26. Harnett JD, Murphy B, Collingwood P, Purchase L, Kent G, Parfrey PS. The reliability and validity of echocardiographic measurement of left ventricular mass index in hemodialysis patients. Nephron 1993;65(2):212-4.
    Pubmed CrossRef
  27. Akkerman M, van Brussel M, Bongers BC, Hulzebos EH, Helders PJ, Takken T. Oxygen uptake efficiency slope in healthy children. Pediatr Exerc Sci 2010;22(3):431-41.
    Pubmed CrossRef
  28. Arena R, Guazzi M, Myers J, Chase P, Bensimhon D, Cahalin LP, et al. The relationship between minute ventilation and oxygen consumption in heart failure: comparing peak VE/VO2 and the oxygen uptake efficiency slope. Int J Cardiol 2012;154(3):384-5.
    Pubmed KoreaMed CrossRef
  29. Wu C, Guo J, Liu H, Pudasaini B, Yang W, Zhao Q, et al. The correlation of decreased heart rate recovery and chronotropic incompetence with exercise capacity in idiopathic pulmonary arterial hypertension patients. Biomed Res Int 2017;2017:3415401.
    Pubmed KoreaMed CrossRef
  30. Ponikowski P, Francis DP, Piepoli MF, Davies LC, Chua TP, Davos CH, et al. Enhanced ventilatory response to exercise in patients with chronic heart failure and preserved exercise tolerance: marker of abnormal cardiorespiratory reflex control and predictor of poor prognosis. Circulation 2001;103(7):967-72.
    Pubmed CrossRef
  31. Piepoli M, Clark AL, Volterrani M, Adamopoulos S, Sleight P, Coats AJ. Contribution of muscle afferents to the hemodynamic, autonomic, and ventilatory responses to exercise in patients with chronic heart failure: effects of physical training. Circulation 1996;93(5):940-52.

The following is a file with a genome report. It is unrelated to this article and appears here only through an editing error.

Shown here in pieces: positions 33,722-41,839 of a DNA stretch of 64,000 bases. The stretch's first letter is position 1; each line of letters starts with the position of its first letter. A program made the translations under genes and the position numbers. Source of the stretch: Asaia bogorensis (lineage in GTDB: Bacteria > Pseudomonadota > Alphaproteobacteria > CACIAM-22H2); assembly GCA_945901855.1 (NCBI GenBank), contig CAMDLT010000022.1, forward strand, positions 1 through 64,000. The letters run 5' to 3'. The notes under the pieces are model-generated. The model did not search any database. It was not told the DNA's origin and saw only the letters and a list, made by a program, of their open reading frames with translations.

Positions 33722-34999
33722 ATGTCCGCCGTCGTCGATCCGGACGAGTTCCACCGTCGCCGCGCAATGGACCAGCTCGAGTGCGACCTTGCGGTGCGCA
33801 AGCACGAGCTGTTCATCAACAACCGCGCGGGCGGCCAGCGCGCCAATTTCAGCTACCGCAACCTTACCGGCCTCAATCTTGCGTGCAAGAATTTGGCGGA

Pubmed CrossRef
  32. Scott AC, Francis DP, Davies LC, Ponikowski P, Coats AJ, Piepoli MF. Contribution of skeletal muscle 'ergoreceptors' in the human leg to respiratory control in chronic heart failure. J Physiol 2000;529(Pt 3):863-70.
    Pubmed KoreaMed CrossRef
  33. Sullivan MJ, Cobb FR. The anaerobic threshold in chronic heart failure. Relation to blood lactate, ventilatory basis, reproducibility, and response to exercise training. Circulation 1990;81(1 Suppl):II47-58.
    Pubmed
  34. Bocchi EA, Guimarães GV, Moreira LF, Bacal F, de Moraes AV, Barreto AC, et al. Peak oxygen consumption and resting left ventricular ejection fraction changes after cardiomyoplasty at 6-month follow-up. Circulation 1995;92(9 Suppl):II216-22.
    Pubmed CrossRef

Article

Original Article

Phys. Ther. Korea 2022; 29(3): 200-207